Wednesday, June 6, 2012

Essay on Shame #5

"I'm ashamed of all the stuff we have in our basement," my friend said the day before her yard sale. I tried to reassure her by talking about other people's basements. I asked her if when she goes to yard sales, which she does often, she thinks, "God, these people have so much crap. What idiots they are. They must be so shallow and horrible to buy all this shit." I offered that perhaps, instead, she thought, "Hey, look at this great thing I found! How exciting that I get to have this nice thing for not very much money!" Possibly not exactly in those words, but that, I suggested, would be what her neighbors were thinking too.

She agreed reluctantly. The shame of buying--really, of having bought--implies that buying is doing. People put a lot of energy into getting other people to believe that; that energy is not of interest to this inquiry, but its results are. Once you believe that your actions have meaning, that meaning can be dark and gross just as easily as it can be soothing or beautifying or ennobling. My friend's purchases, now in her basement, soon (she hoped) to be someone else's purchases, said (she feared) something shameful about her. Instead of, say, "the kind of person who would say something cruel" she was "the kind of person who would buy a cat fountain," which was fine--or maybe not fine, but bearable--or maybe not bearable, but avoidable--as long as that cat fountain stayed in her basement and nobody else knew it was there.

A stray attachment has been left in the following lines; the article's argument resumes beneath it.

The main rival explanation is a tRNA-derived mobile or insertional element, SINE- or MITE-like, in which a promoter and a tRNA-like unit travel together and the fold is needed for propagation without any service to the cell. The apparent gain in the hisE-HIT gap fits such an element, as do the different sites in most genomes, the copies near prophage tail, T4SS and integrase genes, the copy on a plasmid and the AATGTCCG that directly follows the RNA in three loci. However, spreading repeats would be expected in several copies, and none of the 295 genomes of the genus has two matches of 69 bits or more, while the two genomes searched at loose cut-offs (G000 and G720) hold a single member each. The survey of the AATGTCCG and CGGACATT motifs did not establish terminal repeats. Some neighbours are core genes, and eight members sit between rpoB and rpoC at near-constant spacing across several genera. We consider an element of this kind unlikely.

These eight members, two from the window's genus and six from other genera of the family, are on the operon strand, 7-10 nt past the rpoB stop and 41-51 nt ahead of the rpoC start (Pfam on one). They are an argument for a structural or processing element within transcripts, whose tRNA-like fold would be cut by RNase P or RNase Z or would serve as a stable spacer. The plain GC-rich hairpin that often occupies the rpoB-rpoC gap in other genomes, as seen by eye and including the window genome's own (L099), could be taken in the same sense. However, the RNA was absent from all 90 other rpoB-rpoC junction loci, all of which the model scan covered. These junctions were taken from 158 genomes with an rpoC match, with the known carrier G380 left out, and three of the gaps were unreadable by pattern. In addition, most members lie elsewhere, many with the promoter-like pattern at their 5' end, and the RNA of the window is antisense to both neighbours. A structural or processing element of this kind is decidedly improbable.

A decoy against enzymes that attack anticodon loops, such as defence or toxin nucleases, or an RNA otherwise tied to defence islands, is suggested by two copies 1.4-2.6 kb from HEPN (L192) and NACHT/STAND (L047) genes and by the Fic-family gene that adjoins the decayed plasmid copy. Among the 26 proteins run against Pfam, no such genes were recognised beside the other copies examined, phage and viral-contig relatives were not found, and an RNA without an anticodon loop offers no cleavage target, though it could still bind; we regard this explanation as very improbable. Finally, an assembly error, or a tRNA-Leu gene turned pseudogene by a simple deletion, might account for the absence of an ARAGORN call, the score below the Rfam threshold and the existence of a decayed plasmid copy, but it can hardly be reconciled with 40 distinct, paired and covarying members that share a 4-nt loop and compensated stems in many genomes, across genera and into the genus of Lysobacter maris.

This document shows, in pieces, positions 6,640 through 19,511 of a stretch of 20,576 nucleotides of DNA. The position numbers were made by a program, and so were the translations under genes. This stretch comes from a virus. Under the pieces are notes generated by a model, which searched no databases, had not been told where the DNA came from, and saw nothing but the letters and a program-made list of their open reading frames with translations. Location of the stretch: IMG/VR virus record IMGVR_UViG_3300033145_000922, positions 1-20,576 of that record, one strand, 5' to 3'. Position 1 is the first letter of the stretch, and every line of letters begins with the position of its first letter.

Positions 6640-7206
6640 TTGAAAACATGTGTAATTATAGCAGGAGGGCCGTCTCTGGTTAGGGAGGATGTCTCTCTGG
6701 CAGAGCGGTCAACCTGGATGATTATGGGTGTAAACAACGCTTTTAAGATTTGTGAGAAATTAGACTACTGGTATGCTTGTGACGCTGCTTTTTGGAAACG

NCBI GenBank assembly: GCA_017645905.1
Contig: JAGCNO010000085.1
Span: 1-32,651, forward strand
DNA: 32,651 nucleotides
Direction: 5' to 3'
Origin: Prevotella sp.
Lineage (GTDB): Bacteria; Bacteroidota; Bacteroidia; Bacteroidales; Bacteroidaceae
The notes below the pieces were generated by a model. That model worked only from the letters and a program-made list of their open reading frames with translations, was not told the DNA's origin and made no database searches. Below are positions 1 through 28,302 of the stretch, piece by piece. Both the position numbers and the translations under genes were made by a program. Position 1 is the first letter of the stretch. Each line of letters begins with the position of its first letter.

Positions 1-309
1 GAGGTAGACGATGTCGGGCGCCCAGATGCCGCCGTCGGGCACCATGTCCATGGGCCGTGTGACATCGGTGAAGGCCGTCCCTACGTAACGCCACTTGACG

I don't there is anything dark or gross about having bought a cat fountain, and as I noted above, I'm less interested in all the permutations of "capitalism made me do it" (putting the responsibility on someone else is part of the shunt-and-baffle system for shame). I'm more interested in where shame lives. The basement seems like such a corny place for it.

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